We have not had any known cases of COVID-19 in our facility, for which we are very thankful, but there has been a lot of work done in preparation for what might have happened, or what might still be to come. Surgery units were temporarily closed except for emergencies, and staff were re-deployed to other units that were still functioning. Much of our facility provides long-term care. We have a 100-bed personal care home, and a separate building with three floors of transitional care, and then several acute care units. Most of the acute care units closed down and were prepared to take on overflow from our major hospitals that would take in active COVID-19 patients.

“I think the biggest challenge has been the constant change and the unknown—not knowing what the next day is going to look like.”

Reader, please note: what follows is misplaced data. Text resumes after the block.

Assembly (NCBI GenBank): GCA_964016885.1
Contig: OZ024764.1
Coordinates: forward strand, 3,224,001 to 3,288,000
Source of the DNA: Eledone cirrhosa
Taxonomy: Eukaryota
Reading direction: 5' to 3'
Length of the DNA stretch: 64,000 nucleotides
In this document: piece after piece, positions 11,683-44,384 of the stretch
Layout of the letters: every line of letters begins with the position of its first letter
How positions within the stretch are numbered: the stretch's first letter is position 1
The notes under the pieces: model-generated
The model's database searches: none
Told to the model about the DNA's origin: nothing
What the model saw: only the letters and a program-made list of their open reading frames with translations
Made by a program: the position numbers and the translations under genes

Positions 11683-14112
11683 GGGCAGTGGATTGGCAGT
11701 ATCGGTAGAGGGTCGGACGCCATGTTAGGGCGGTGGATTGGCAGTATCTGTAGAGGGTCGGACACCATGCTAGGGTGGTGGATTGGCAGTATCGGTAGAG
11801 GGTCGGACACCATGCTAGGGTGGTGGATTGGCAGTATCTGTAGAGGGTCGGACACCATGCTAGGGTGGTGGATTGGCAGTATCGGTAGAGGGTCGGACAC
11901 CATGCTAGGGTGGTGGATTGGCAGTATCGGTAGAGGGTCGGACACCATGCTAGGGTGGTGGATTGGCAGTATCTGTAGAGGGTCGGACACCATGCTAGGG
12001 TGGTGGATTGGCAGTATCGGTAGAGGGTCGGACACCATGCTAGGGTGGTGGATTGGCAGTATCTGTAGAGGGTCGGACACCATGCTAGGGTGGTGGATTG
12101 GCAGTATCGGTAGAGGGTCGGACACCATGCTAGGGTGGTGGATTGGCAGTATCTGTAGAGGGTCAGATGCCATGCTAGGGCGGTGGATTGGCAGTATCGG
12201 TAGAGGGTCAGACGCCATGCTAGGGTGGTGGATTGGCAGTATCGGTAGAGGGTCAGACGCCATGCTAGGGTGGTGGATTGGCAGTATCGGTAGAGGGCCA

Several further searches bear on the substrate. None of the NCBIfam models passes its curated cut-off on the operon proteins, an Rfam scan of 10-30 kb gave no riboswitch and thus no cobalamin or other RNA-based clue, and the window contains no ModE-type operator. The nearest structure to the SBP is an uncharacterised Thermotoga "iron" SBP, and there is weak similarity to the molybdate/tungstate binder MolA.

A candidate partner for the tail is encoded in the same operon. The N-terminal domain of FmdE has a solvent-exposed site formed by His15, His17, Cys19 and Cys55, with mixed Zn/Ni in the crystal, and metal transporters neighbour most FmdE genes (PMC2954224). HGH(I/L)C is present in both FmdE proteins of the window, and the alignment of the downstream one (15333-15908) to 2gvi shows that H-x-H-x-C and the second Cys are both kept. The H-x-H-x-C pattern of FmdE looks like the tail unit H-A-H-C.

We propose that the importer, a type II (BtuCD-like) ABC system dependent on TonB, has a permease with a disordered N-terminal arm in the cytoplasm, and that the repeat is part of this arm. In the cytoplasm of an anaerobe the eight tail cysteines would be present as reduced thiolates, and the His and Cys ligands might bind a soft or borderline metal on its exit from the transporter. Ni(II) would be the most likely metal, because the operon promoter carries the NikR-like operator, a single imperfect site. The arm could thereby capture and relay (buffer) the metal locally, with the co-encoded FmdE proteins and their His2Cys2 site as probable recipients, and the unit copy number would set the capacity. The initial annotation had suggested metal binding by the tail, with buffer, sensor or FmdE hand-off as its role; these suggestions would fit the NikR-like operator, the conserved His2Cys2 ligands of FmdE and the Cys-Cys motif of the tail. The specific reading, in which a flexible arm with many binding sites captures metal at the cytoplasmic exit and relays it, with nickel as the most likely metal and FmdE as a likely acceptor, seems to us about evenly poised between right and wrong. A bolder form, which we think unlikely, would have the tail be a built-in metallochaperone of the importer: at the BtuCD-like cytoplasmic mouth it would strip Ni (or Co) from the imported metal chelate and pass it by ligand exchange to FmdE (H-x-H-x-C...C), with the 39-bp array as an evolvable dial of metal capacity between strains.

We did not expect to take in active COVID-19 patients, although that plan might have changed, and there was always the possibility that an infected person might be admitted here without any symptoms. Because of this ever-present risk, we instituted several new protocols, like isolating new residents for 14 days before they could interact with other residents, and using PPE [Personal Protective Equipment] whenever we were on units. For a while, we were required to wear full mask, eye protection, gown and gloves when we entered these rooms, but these restrictions have been eased and we are now required to wear only masks and eye protection when we visit anyone—and of course wash our hands after every encounter! While spiritual care providers in hospital settings have been restricted from face-to-face visits with active COVID-19 cases, we have not had any at Misericordia, so we have not needed to implement that restriction.